Florestan, BMOP offer sublime tribute to vocal music

The Boston Modern Orchestra Project had a good idea last weekend. They paired with the Florestan Project, a superb vocal group, to present three days of concerts named “Voice of America” at Tufts University’s Distler Performance Hall. Florestan presented the complete songs of Samuel Barber, some 75 in number. The Sunday afternoon concert I attended then featured a chamber-music-sized BMOP with concerted songs of Samuel Barber and Virgil Thomson. Florestan and BMOP together offered a sublime tribute to the voice.

Media Date 
September 29, 2009
Media Source 
The Boston Musical Intelligencer
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Media Quote 

No one can forget the last song's "ah, to be all alone."

Media Contact Name 
Larry Phillips

The Barber songbook

Samuel Barber (near left, with his lover Gian Carlo Menotti) once described himself as “a living dead composer,” and indeed, for most his life his commitment to romantic feeling in the modern age consigned him to the dustbin of critical opinion. But history has a way of upending that dustbin, and Barber’s gift for lyrical simplicity, cemented in the popular mind by his Adagio for Strings, has enabled him to outlast his detractors.

Media Date 
September 27, 2009
Media Source 
The Hub Review
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Media Quote 

The central thread in the concert was a deep yet somehow luminous sense of melancholy

Media Contact Name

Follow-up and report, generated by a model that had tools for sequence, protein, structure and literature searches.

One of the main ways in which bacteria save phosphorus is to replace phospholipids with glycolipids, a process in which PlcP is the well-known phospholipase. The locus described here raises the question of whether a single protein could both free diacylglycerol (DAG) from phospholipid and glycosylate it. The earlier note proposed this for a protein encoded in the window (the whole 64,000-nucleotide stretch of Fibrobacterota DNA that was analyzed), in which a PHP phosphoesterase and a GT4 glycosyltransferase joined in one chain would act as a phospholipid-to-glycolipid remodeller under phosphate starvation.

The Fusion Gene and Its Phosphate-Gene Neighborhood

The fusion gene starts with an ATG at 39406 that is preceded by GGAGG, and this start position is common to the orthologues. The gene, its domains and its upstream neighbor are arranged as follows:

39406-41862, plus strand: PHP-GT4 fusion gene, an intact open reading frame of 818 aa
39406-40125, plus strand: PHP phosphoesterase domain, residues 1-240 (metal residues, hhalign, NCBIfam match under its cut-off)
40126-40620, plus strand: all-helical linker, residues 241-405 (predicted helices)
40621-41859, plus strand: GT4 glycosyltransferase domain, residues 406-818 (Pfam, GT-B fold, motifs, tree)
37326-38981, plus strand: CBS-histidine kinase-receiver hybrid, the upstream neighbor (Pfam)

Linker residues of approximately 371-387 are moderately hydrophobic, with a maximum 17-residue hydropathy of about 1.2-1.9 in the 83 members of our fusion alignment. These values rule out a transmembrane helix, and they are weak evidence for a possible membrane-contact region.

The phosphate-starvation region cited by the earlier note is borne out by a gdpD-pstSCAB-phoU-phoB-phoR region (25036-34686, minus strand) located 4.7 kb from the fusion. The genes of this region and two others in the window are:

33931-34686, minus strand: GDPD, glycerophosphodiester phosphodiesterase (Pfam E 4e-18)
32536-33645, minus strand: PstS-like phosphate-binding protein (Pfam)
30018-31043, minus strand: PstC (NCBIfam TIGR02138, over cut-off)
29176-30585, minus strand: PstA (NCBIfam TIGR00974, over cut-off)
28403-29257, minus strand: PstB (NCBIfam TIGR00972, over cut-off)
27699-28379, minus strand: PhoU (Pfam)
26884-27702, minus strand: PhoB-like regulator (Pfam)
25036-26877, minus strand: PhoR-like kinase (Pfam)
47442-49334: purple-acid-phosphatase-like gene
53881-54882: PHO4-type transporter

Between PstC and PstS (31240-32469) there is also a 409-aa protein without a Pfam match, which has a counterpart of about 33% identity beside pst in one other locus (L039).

Thomas Garvey

Kicking off a vocal fest at Tufts

The conductor Gil Rose, after curating last year’s Ditson Festival of Contemporary Music, is admirably keeping alive the vision of a local new-music festival in late September. This year’s iteration, entitled “Voice of America,” is underway at Tufts University’s Granoff Music Center. It does not have the Ditson Fund’s generous backing so it paints on a necessarily smaller canvas, but last night’s opening performances made clear that it should be a richly rewarding weekend of American vocal music.

Media Date 
September 26, 2009
Media Source 
The Boston Globe
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Media Quote 

It was a particular pleasure to hear these art songs presented.

Media Contact Name 
Jeremy Eichler

Florestan and BMOP join forces to celebrate American vocal repertoire

This evening’s double concert in the Distler Performance Hall of Tufts’ Granoff Music Center began a 3-day festival involving a partnership between the Florestan Recital Project and the Boston Modern Orchestra Project to highlight American vocal music. The former’s presentation was the 1st of 3 concerts which together would span the entire vocal opus of Samuel Barber, aptly titled, “BarberFest,” while the latter highlights contemporary compositions for vocalist(s) and chamber orchestra.

Media Date 
September 25, 2009
Media Source 
Classical Voice of New England
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Media Quote 

These two programs were admirable additions to the Boston artistic calendar.

Media Contact Name 
Robert Myers

A congress of noise convened in Jordan Hall

The human desire to produce a loud noise by striking one object with another must be as old as communication itself, and like all histories, it has its high points and lows. The period between the two world wars, for instance, was a very good time for the art and science of banging. The Boston Modern Orchestra Project reminded us of this fact on Friday night with a memorable concert that was in equal parts ambitious musical event, cultural time warp, and sonic magical mystery tour.